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The brain is made up of millions of cells called neurons, and it is important to learn how these neurons are wired together to better understand how the brain works. To make it easier to tell individual neurons apart in samples from brains, some scientists have developed a process called Brainbow that labels individual neurons with different fluorescent colors. Scientists have also created techniques called “tissue clearing” to make a brain transparent in the laboratory. These techniques make the brain see-through enough to allow scientists to study the wiring of the brain in three dimensions.
These multicolor labeling and tissue clearing techniques are very helpful for studying the brain. But they have an important limitation; the fluorescent colors are not bright enough to allow scientists to trace the long extensions called axons and dendrites that wire neurons together. As a result, tracing axons and dendrites was difficult and required cutting the brain into hundreds of thin slices. It could take several months for scientists to trace the path of a single neuron. Brighter fluorescent labeling colors would allow scientists to use high-powered microscopes to trace the entire length of a neuron in a whole brain much more quickly and easily.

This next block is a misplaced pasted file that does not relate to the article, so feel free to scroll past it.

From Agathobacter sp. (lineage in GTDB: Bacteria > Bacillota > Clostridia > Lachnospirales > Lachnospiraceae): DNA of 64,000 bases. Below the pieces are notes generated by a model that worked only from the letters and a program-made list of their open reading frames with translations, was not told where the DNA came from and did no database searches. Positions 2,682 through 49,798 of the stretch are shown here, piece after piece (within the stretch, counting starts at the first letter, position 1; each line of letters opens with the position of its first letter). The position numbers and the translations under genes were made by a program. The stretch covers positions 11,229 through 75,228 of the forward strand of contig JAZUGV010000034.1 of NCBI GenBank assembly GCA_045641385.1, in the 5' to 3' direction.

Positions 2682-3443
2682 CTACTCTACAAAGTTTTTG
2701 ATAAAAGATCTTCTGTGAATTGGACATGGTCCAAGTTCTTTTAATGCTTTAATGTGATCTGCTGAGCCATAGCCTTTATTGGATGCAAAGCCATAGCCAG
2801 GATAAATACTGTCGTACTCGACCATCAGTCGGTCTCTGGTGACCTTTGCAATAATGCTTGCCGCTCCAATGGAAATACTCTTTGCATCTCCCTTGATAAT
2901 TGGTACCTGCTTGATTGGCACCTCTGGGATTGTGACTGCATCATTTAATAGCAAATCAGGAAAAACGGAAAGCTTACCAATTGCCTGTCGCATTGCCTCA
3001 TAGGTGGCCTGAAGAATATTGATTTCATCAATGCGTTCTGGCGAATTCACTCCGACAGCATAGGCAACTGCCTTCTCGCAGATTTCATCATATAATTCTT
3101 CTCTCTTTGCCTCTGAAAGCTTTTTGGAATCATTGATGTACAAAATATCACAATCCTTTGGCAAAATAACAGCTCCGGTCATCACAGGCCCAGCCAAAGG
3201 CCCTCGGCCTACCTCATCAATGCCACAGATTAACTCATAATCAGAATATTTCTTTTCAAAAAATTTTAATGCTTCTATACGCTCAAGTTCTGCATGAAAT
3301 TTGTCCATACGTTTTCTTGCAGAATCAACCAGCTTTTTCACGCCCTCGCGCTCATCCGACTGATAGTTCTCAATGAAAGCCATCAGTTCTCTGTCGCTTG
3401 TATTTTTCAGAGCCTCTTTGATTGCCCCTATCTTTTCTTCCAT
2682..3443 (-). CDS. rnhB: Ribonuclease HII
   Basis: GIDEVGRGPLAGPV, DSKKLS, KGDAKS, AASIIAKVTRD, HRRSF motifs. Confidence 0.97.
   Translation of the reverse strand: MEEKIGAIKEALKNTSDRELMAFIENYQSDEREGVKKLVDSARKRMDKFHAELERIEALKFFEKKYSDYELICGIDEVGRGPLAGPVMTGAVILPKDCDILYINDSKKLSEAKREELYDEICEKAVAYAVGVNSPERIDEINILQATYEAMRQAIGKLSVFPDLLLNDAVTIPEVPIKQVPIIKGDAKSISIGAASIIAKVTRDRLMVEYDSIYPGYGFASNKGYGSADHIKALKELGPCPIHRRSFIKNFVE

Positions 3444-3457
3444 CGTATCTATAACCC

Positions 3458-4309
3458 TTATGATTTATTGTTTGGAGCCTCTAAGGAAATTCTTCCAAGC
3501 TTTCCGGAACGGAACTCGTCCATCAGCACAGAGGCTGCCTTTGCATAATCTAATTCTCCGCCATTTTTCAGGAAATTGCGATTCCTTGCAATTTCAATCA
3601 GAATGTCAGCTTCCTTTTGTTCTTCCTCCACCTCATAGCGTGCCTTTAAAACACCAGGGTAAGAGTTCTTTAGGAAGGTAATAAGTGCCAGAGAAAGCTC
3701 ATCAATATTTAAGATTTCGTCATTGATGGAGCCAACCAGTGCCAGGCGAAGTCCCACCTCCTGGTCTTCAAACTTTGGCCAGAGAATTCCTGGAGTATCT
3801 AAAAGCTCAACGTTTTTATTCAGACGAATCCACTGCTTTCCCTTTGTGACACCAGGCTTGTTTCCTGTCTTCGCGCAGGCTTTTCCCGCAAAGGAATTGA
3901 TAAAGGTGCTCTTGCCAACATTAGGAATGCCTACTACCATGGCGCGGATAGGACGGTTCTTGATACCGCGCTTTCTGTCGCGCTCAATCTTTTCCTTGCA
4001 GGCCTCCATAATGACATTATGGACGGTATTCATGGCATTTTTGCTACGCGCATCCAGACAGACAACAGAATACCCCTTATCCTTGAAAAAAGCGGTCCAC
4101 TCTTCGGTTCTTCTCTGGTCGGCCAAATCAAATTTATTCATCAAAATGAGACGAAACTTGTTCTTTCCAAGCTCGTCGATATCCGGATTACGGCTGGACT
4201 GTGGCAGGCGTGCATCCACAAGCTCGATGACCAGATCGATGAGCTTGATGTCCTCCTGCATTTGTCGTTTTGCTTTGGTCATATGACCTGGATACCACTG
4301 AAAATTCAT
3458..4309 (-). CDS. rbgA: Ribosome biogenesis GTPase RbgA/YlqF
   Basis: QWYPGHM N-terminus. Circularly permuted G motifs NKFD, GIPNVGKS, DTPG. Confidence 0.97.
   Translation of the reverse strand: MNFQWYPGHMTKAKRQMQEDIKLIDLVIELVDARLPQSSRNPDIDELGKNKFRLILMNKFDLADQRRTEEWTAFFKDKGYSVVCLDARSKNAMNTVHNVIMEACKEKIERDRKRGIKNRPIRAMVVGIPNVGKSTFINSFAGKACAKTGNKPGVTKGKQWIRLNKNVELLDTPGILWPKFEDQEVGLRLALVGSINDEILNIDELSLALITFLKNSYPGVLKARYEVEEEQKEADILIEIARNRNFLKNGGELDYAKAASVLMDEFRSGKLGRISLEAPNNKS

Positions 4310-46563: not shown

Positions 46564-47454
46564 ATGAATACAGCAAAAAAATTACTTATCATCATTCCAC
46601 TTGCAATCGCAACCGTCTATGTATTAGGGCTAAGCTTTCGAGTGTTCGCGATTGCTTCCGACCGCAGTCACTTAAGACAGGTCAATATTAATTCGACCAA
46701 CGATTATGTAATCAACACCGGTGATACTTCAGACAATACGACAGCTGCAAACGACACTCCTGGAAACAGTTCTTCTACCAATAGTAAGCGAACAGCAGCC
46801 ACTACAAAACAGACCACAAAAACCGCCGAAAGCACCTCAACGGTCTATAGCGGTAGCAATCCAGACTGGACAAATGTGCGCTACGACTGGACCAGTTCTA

Now, Sakaguchi et al. have developed a bright multicolor labeling method for neurons called Tetbow. Tetbow produces more vivid colors allowing scientists to trace the wiring of neurons over long distances in the mouse brain. Sakaguchi et al. combined Tetbow with tissue clearing techniques to dissect and trace many neurons in a whole mouse brain within a few days.
Neuroscientists can now use Tetbow to speed up the study of how neurons are wired in the brain. Researchers working in other fields could also use Tetbow to help track the behavior of different cells. Tetbow allows everyone to see the beautiful wiring of the brain in three dimensions.